No Chrissy, won't be subbing to that comp. Hope you win those seeds though, the parents are real stunners!

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gardengal
se qld
Australia

June 1, 2011
12:24 AM

Post #8600675

Not a flower in sight, but that one is absolutely stunning Wayne.

Pam

Seachanger

Seachanger
Clifton Springs
Australia

June 1, 2011
12:36 AM

Post #8600679

I love the full size tree Dahlia, they are in flower every where here, but any space in my garden is reserved for Brugs, that's why I was so pleased to find this one.

It came from a very large local nursery, Wayne. Wombat Nursery...first time that they have sold them..I think that they are great...they have very woody stems so I think they should be ok for cuttings too...beautiful pic of your garden, great for the competition...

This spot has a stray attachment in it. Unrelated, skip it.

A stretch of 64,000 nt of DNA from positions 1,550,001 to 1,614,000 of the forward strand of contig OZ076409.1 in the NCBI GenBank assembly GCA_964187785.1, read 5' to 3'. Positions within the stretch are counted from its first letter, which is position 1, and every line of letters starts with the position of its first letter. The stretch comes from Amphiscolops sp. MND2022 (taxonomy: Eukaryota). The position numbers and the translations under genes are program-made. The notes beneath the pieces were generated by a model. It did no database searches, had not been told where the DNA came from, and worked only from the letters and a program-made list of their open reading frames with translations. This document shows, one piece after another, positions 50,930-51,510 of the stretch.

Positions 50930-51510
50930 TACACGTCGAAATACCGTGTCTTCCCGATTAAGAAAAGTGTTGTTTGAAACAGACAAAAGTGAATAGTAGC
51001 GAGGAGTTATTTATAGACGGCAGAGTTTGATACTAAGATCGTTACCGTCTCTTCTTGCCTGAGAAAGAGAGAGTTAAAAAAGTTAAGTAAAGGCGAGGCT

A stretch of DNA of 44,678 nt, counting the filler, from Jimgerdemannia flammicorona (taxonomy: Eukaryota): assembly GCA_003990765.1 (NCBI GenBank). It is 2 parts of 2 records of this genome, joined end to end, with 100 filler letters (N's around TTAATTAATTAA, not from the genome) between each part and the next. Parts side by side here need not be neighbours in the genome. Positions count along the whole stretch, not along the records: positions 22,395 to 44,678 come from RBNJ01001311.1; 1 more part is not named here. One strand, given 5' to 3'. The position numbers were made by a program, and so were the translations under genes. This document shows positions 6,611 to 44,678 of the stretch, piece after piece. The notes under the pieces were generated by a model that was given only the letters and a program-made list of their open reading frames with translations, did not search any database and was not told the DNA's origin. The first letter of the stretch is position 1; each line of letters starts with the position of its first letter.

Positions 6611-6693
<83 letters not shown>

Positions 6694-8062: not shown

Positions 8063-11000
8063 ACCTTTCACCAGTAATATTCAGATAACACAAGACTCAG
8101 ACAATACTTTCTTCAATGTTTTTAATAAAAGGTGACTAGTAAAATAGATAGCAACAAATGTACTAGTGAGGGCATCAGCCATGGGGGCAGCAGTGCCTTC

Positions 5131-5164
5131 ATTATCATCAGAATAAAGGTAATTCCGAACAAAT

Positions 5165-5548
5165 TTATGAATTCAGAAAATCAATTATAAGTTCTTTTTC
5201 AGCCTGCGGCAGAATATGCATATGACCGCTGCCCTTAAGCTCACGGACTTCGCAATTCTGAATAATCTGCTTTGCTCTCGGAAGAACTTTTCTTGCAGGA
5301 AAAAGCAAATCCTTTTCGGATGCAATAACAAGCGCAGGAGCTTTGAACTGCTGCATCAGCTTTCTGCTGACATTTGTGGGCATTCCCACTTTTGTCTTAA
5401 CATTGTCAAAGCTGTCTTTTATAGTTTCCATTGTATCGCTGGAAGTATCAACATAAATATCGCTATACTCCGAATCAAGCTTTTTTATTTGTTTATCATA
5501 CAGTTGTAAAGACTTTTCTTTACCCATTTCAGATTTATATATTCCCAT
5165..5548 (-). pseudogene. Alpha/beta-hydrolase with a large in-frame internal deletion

Yes, Chrissy...I think that the newer varieties of Crepe myrtle have been exceptional in their colouring this year...best year ever for mine...especially L ''Miami'' and ''Sioux''...I have "Tuscarora and Zuni" too but they are only about 120 cm tall.
WayneCarter
NW Sydney NSW
Australia

June 1, 2011
1:44 PM

Post #8601956

Sounds like you have a well stocked local nursery Dianne.

Best thing with the "Indian Summer" Crepe Myrtles is their resistance to powdery mildew. Our humidity in summer can cause great outbreaks on the old indica varieties. Here is the old one I mentioned above. It is not particularly pron to disease, just gets the odd branch here and there.
That is Tagetes lemmonii in the foreground.

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cestrum_SEQ
West of Brisbane
Australia

June 1, 2011
6:20 PM

Post #8602695

You're very lucky if you have a good nursery nearby. In Melbourne I used to make treks to Poynton's nursery and Essendon Plant Farm. There's nothing comparable within reasonable commuting distance here.